A Fertility Mystery

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Oat/Barley field with a creek intersecting.  Notice the dark-green line in both fields with plants to the left of the line darker-green than plants to the right of the line.  Why?

I will explain how the field was managed.  Last year was a wet spring and I was unable to plant this field to oats like I had planned in April.  By the time I could work the soil around the first of June I decided to plant corn, instead.

I had read about grazing standing corn in the book, “Grassfed to Finish,” by Allan Nation.  Since I had low expectations about this field’s yield potential due to the late planting date, I decided this was the year to try this radical idea.  Even Citygirlfriend knew this was crazy.

It turned out ok, though.  I grazed eight steers for eight weeks starting in July when the corn was waist high and ending in August with the corn eight feet tall.  The steers gained well, about two lbs. a day, but that was no better than the steers that were grazing permanent pastures and alfalfa/grass hay fields.  So, since the gain was no better and the cost was higher to graze corn, I am not planning on grazing corn anytime in the future. 

The dark-green line is where I chopped down the corn and put up a single-strand electric fence.  I then cross-fenced and gave the steers a half-day to a day allotment at a time.  I also had a round bale of hay available so the steers would never accidentally run out of feed.

After the steers were butchered in August, I took down all the fencing and no-tilled oats into the bare ground.  I didn’t want the soil exposed to rain, sun, and wind.  So are you picturing how it looked?  To the right of the line was a corn field, and to the left of the line was oats.

We harvested the corn in October.  At this point, the oats were about knee-high.  We then grazed the field with the cows.  They ate much of the corn stalks and grazed the oats right down to the ground.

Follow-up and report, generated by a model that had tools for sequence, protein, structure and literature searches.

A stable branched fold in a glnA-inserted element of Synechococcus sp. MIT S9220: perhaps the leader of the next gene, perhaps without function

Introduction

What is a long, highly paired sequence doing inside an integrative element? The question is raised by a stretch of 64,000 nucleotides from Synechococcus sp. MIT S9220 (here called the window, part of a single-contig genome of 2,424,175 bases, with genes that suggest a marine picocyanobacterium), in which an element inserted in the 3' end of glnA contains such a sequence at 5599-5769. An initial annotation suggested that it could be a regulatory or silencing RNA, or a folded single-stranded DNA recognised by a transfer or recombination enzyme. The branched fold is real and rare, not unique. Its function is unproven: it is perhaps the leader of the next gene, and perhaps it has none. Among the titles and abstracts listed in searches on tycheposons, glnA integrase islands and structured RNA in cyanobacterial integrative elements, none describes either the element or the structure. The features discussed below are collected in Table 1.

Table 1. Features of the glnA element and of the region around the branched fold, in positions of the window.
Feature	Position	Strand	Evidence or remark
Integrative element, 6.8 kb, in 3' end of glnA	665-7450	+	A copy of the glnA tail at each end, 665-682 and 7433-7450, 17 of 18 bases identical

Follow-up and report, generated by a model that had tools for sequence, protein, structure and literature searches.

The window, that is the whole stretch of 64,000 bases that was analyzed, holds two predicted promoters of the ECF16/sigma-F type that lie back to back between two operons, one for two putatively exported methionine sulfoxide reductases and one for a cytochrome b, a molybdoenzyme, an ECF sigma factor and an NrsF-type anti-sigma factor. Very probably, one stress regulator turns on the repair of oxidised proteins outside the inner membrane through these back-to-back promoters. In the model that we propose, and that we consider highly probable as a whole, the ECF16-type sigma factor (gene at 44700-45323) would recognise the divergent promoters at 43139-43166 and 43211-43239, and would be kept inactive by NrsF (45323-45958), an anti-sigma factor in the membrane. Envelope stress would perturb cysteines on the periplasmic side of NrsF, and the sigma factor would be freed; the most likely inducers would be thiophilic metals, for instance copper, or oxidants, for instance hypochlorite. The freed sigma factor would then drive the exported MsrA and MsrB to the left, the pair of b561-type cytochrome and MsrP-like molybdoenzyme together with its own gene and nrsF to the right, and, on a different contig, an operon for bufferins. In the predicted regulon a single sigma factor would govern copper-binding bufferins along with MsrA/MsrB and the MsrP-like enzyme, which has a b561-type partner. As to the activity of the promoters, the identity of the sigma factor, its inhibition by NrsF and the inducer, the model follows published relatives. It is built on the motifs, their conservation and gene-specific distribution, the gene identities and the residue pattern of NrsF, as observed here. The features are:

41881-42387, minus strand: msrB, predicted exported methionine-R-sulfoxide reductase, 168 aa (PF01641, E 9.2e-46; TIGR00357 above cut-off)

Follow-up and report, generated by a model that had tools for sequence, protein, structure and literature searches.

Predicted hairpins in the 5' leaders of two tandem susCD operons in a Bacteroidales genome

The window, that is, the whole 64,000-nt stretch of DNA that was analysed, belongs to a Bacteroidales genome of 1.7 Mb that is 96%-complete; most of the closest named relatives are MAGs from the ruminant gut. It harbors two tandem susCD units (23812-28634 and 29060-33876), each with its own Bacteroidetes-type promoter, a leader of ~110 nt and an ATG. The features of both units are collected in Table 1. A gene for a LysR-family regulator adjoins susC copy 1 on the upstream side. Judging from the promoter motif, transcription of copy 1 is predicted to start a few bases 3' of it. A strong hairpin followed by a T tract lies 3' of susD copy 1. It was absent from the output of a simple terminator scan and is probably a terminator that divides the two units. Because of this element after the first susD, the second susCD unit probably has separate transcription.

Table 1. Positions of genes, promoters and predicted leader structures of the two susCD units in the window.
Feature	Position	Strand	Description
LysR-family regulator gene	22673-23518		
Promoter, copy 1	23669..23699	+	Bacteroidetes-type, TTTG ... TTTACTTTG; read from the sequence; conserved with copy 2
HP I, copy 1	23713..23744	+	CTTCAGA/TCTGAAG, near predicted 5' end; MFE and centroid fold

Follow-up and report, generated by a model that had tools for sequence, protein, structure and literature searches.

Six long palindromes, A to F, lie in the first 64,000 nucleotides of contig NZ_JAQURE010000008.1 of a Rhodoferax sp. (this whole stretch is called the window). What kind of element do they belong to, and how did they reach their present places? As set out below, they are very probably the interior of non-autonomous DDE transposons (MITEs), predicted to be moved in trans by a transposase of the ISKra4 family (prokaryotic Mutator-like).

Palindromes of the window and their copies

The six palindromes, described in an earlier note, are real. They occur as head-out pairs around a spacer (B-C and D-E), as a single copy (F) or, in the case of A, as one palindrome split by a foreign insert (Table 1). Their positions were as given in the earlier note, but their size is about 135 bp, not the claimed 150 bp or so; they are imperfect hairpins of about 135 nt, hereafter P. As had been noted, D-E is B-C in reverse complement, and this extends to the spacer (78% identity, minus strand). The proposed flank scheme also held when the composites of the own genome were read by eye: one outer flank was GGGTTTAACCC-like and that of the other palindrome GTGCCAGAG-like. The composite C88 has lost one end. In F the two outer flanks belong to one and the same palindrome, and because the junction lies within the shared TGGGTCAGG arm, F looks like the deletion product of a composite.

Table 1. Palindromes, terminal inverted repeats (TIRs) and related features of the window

I disced the entire field this spring and then planted oats/barley and didn’t think twice about it.  And then I looked at it one day and noticed the line.  I knew I had to take a picture and present it to you.

The dark-green color indicates higher fertility and that higher fertility is probably more available nitrogen.  Why is there more nitrogen available?  What are the management differences?

The steers grazed and deposited their manure.  However, they wouldn’t have deposited their manure evenly.  You can see where cows deposited their manure on the right side as it shows up in darker-green clumps of forage.

I planted an oat cover crop.  Cover crops are supposed to add nitrogen to the soil.  Would it add nitrogen the next summer even though it was grazed off the previous October?

There was very little carbon on top of the soil this spring.  To the right of the line was corn stalks.  As microorganisms break down corn stalks, (carbon), nitrogen is used.  Maybe more nitrogen was available to the left of the line because of the lack of corn stalks.  This is where I’m placing my bet.

What do you think?  Is it one of these theories, or something else?  Your comments are welcome.

One Response to A Fertility Mystery

  1. buggyridgefarms says:

    “I planted an oat cover crop. Cover crops are supposed to add nitrogen to the soil. Would it add nitrogen the next summer even though it was grazed off the previous October?”
    ————————————————–
    All cover crops to not add nitrogen to the soil. Many use up excess N. They will return N if plowed under for green manure.

    Oats are not a legume. Therefore no nitrogen would be transferred from the bacteria in the root nodules to the soil.

    High carbon residue certainly will use up available soil N being broken down.

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